BISMARCK — In 2019, North Dakota ranked first in the nation for its high percentage of families having adequate economic resources to support their child’s well-being. Even though the state leads the nation, thousands of children were still living in poverty, according to new data about nationwide child well-being

Approximately 18,000 North Dakota children were living in poverty in 2019, according to the 2021 KIDS COUNT Data Book, an annual report by the Annie E. Casey Foundation that documents child well-being based on factors such as poverty, health and education. The KIDS COUNT data in its latest report was collected in 2018 and 2019, before the COVID-19 pandemic.

A combination of economic factors, such as the percentage of children whose parents lack secure employment and the percentage of children living under the poverty line, secured North Dakota the top spot in child economic well-being in comparison to other states, according to the report.

However, North Dakota’s local KIDS COUNT coordinator cautioned others from celebrating the winning ranking.

"North Dakota's high ranking in economic well-being shows that some families are doing better, however one of my biggest concerns is that someone will look at North Dakota’s top ranking and decide the work is done," said Xanna Burg, coordinator with North Dakota KIDS COUNT, in a statement. "There is so much more to the story. ... If the ranking focused solely on the well-being of children of color, North Dakota would fall toward the bottom.”

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To help combat the damaging effects of poverty, North Dakota KIDS COUNT recommends state lawmakers raise the minimum wage to help families afford basic necessities, the group said in a statement. Lawmakers should also make more investments in early childhood education to help support working families and their children, the group said.

“The reality today for many children and families has been shaped by generations of discriminatory policies and limited access to the economic resources that other families have had,” North Dakota KIDS COUNT said in a statement. “To move North Dakota forward, now is the time to invest in solutions that ensure all children grow up in families with the resources and support needed to thrive.”

For overall child well-being, North Dakota ranked 12th in the nation, falling shortly behind other Midwestern states such as Wisconsin, Nebraska and Minnesota. Overall well-being is based on a combination of economic, education, health and family and community factors, according to the KIDS COUNT report.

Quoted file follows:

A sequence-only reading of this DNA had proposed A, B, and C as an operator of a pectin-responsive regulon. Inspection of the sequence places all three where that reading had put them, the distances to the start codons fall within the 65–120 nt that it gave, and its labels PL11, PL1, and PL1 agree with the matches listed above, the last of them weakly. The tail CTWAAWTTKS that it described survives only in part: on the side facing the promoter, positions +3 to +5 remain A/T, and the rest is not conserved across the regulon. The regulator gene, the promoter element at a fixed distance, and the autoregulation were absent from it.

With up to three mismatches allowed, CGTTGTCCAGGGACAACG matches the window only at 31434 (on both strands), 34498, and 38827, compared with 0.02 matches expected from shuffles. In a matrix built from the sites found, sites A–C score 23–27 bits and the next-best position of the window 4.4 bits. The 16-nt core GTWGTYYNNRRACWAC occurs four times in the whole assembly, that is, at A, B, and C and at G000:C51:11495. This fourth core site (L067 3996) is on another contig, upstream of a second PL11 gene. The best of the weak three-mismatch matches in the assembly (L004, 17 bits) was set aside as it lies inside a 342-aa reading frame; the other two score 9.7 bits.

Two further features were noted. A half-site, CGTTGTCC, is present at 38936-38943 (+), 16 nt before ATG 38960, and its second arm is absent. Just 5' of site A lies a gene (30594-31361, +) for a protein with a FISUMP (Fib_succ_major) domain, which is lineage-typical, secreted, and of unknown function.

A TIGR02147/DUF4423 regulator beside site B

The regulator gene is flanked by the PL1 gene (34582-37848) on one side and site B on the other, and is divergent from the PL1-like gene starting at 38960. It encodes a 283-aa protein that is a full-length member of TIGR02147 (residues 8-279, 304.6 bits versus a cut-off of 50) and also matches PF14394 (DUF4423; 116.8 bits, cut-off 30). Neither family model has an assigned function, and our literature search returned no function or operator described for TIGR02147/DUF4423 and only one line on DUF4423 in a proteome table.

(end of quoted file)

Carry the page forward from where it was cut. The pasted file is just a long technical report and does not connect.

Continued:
North Dakota’s lowest score was in education, ranking 31st in the nation. Approximately 68% of North Dakota children ages 3 and 4 were not in school in 2017-19, according to the report. Sixty-six percent of fourth graders were not proficient in reading during the same time period, the report said.

Just across the border, Minnesota children scored high in overall well-being by ranking third in the nation.

Specifically, Minnesota also ranked third in economic well-being based on data up to the pandemic, with about 143,000 children living in poverty.

“As we move out of the pandemic and take a look at our long-standing disparities, we have an obligation to rebuild a stronger and more equitable Minnesota where marginalized children can flourish, policymakers center child and youth well-being and communities wield power to make change," said Bharti Wahi, executive director of Children’s Defense Fund-Minnesota.

Minnesota ranked seventh in education, with about 48% of children ages 3 and 4 attending school in 2017-19.

The latest KIDS COUNT Data Book also highlighted preliminary data gathered by the U.S. Census Bureau showing the COVID-19 pandemic’s effect on families nationwide.

Many disparities surfaced when the data was broken down by race.

In March 2021, approximately 30% of both Black and Latino households surveyed reported “slight or no confidence in paying rent or mortgage on time,” compared to 11% of white households, according to the report

About one in seven adults with children said their household “sometimes or always did not have enough to eat in the most recent weeks” in 2020, the report states. The percentage is higher for families of color, with 25% of Black households and 20% of Latino households saying they were experiencing food insecurity. The percentage for white households was 10%.

The KIDS COUNT report urged federal and local lawmakers to approve public policy to assist children in the United States.

“The nation will not recover from (the COVID-19 pandemic) without innovative public policy,” the report said. “Our leaders must act to strengthen the social safety net and to weave in new safeguards for children, families and communities.”

Rochester Post Bulletin reporter John Molseed contributed to this report.

Readers can reach Forum reporter Michelle Griffith, a Report for America corps member, at mgriffith@forumcomm.com.